“This memorial was built simply because it was the right thing to do,” said Hughes. “This memorial to Jonathan Snyder is one of the most amazing projects I have ever been a part of. Through Jonathan’s memory we discovered the most powerful essence of humanity.”

Just Posted

The weekly COVID-19 map for June 6 to 12. (BC CDC)
South Okanagan sees only 5 new cases in last week

The Similkameen Valley went a second week without any new cases

Sandra Krauer, Penticton Mayor John Vassilaki and Barb Hoolaeff were in Skaha Park to announce the return of Ribfest for September, 2021. (Brennan Phillips - Western News)
Ribfest returns to Penticton

Festival runs from Sept. 17 - 19 at Skaha Lake Park with proceeds going to new splash park

Fiery crash on the Okanagan Connector between two semis. (Facebook)
One dead after fiery Okanagan Connector crash between two semis

DriveBC estimates road won’t be open until 5 p.m.

A tent housing a mobile vaccination clinic. (Interior Health/Contributed)
Second dose vaccinations accelerating throughout region: Interior Health

To date, more than 675,000 doses have been administered throughout the region

Turn out is high in advance voting for the Penticton by election taking place Saturday, June 19, 2021. (Screen shot)
Over 2,500 already voted in Penticton by-election

General voting day is Saturday, June 19

Bear wanders Kelowna on June 15. (Michelle Wallace/Facebook)
Bear climbs fence, uses crosswalk in Kelowna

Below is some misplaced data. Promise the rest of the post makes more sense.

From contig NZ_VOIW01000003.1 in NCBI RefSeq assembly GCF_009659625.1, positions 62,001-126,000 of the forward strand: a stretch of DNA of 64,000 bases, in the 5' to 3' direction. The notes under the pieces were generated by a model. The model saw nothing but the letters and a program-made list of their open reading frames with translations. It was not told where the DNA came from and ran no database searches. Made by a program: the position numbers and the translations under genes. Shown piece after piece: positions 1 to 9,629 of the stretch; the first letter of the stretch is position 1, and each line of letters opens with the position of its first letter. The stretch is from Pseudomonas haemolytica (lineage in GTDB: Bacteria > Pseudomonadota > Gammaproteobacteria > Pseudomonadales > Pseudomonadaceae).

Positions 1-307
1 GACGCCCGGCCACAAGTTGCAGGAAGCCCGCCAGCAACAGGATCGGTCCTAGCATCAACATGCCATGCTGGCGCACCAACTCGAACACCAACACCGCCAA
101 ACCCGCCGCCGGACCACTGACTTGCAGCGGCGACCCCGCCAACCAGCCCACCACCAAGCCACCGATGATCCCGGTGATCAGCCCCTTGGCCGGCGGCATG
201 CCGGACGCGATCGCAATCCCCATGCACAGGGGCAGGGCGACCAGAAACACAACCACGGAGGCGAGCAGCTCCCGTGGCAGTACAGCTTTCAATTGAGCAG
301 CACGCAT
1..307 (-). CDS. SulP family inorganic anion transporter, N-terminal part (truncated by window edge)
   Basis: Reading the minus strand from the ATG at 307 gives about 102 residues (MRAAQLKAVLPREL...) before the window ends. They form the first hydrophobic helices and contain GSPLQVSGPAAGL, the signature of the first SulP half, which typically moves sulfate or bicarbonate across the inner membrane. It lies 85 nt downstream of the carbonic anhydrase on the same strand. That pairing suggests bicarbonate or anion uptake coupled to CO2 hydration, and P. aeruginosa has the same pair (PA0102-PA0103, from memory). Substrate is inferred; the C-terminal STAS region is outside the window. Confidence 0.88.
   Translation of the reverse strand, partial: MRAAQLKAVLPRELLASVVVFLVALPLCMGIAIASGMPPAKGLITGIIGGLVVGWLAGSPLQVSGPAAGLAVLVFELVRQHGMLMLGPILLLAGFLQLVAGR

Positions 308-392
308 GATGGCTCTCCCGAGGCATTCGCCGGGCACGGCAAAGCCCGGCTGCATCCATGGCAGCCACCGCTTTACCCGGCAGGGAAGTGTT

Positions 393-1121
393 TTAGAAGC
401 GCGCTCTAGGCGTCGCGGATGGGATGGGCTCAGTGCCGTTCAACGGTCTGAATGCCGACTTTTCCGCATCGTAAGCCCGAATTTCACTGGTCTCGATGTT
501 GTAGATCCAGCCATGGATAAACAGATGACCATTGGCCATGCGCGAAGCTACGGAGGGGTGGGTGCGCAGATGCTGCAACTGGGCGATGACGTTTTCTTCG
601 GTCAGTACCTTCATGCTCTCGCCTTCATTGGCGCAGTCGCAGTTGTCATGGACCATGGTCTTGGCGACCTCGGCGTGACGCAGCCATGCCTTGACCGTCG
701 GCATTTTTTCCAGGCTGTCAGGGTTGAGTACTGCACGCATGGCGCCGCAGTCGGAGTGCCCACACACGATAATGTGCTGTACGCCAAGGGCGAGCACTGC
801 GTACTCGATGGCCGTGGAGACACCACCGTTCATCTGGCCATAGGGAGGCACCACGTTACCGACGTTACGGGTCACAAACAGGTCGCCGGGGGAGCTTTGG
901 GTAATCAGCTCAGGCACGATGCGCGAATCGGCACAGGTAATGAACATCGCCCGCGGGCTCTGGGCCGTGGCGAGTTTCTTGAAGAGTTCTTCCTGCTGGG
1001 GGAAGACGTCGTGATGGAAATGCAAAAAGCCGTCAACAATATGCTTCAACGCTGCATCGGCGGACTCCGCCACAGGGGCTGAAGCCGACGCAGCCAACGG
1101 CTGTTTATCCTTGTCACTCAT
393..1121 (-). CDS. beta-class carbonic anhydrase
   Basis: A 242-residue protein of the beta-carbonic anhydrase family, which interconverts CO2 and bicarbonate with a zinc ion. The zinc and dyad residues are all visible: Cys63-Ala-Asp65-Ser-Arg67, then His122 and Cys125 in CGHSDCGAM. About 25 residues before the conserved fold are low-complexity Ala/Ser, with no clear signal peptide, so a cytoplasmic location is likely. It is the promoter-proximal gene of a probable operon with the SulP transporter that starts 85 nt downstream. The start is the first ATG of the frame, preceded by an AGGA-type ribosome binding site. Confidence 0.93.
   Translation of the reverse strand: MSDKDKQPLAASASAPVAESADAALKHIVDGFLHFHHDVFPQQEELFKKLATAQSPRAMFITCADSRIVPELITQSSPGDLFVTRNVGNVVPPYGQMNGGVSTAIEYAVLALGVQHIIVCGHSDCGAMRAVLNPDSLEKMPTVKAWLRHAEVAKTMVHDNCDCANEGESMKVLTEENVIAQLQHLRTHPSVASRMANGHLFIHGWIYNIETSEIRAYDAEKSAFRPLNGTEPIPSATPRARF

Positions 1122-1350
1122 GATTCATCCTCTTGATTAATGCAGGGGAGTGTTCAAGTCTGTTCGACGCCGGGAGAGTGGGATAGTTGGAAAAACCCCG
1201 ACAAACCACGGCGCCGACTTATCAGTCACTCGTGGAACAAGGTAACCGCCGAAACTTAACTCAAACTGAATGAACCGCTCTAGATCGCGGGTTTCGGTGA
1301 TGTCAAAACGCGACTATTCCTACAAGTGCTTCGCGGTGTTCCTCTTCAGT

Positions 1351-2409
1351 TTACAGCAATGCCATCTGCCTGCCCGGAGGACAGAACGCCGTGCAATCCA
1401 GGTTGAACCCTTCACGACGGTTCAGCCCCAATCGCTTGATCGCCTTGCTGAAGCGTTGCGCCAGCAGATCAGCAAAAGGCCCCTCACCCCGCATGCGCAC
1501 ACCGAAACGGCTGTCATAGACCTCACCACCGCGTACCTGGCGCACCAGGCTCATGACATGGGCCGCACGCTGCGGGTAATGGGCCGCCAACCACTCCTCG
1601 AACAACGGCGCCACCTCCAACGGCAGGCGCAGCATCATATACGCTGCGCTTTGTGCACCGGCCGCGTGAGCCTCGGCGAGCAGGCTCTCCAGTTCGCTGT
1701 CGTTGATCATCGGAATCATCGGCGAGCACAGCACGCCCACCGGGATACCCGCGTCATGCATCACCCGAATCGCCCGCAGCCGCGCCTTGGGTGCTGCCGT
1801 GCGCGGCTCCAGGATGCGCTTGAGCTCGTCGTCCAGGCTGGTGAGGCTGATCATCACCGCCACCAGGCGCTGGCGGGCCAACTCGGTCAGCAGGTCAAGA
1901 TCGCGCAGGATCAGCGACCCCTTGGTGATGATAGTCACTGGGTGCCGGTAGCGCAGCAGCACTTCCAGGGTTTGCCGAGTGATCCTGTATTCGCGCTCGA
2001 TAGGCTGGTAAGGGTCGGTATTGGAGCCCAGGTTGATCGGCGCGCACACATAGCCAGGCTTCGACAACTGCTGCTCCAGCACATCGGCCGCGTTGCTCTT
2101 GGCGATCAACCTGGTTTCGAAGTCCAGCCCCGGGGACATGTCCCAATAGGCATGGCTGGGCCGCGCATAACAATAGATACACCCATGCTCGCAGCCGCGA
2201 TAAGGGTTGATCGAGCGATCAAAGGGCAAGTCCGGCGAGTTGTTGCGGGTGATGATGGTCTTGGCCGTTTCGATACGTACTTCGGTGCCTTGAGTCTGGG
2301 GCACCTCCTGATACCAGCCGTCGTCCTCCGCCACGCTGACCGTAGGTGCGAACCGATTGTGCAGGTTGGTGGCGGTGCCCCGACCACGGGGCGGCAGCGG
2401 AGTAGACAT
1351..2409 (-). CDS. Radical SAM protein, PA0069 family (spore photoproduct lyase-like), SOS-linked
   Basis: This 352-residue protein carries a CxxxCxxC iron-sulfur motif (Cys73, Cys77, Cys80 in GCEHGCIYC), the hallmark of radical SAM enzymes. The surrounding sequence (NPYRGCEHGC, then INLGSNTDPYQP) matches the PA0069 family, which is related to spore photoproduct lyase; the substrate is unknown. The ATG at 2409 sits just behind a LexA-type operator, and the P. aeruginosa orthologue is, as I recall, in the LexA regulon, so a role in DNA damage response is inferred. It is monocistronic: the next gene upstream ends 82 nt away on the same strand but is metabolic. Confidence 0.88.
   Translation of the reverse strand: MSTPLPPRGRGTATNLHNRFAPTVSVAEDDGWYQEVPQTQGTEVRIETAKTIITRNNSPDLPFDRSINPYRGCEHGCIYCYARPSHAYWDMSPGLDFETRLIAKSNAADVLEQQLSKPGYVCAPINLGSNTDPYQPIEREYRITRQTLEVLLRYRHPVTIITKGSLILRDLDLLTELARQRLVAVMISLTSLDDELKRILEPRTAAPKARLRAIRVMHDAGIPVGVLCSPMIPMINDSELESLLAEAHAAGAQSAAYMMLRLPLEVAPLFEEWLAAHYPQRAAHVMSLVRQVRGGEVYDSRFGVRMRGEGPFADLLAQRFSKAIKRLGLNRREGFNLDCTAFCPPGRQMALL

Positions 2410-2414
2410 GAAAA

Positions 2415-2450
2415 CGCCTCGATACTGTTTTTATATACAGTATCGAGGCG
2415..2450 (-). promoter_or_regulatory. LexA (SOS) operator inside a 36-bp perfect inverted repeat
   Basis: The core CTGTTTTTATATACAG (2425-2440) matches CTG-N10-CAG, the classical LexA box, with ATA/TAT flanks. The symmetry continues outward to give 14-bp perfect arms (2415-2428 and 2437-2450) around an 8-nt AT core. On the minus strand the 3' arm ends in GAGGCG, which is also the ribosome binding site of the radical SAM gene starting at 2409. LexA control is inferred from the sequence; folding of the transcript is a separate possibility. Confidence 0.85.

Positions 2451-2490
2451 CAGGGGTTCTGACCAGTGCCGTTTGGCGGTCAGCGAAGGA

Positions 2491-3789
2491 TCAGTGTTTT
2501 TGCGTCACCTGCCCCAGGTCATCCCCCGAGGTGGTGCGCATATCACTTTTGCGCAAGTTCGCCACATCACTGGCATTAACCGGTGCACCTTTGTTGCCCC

The bear was spotted on Baron Road Wednesday evening

B.C. Public Safety Minister Mike Farnworth and Attorney General David Eby attend opening of the first government-run B.C. Cannabis Store, Kamloops, Oct. 19, 2018. (B.C. government)
B.C. government to allow home cannabis delivery starting July 15

Added convenience expected to persuade buyers to ‘go legal’

Festivals Kelowna president Richard Groves and executive director Renata Mills wrap themselves in the flag during the announcement of preparations for the 2018 Canada Day festival. (Alistair Waters/Capital News)
Festivals Kelowna cancels Canada Day celebrations for second year in a row

The group cited logistic issues in their announcement

The first suspension bridge is the tallest in Canada, with a second suspension bridge just below it. The two are connected by a trail that’s just over 1 km. (Claire Palmer photo)
PHOTOS: The highest suspension bridges in Canada just opened in B.C.

The Skybridge in Golden allows visitors to take in views standing at 130 and 80 metres

Central Okanagan Public Schools is assisting with the distribution of a donation of $500 to every Grade 12 graduating student in the school district. (File photo)
Central Okanagan Grade 12 grads get $500 surprise

Anonymous donor gifts $500 to every Grade 12 student

B.C. Premier John Horgan leaves his office for a news conference in the legislature rose garden, June 3, 2020. (B.C. government photo)
B.C. premier roasted for office budget, taxing COVID-19 benefits

Youth addiction law that triggered election hasn’t appeared

A vial containing the Moderna COVID-19 vaccine is shown at a vaccination site in Marcq en Baroeul, outside Lille, northern France, Saturday, March 20, 2021. THE CANADIAN PRESS/AP/Michel Spingler
mRNA vaccines ‘preferred’ for all Canadians, including as 2nd dose after AstraZeneca: NACI

New recommendations prioritizes Pfizer, Moderna in almost all cases

Lady Dia, pictured with her son Glory, is a Kelowna artist. She recently received $10,000 in funding for her podcast MoM:ents. (Twila Amato - Black Press Media)
Lady Dia selected as City of Kelowna’s artist in residence

Dia will release a project designed to discuss and shape the future of a more inclusive Kelowna

Birch Parlee is one of approximately 132,000 transgender people living across the nation, according to Statistics Canada. Photo submitted
Transgender in a small town – Princeton B.C.

“I buried it. I pushed it down. I lived a lie.”

Most Read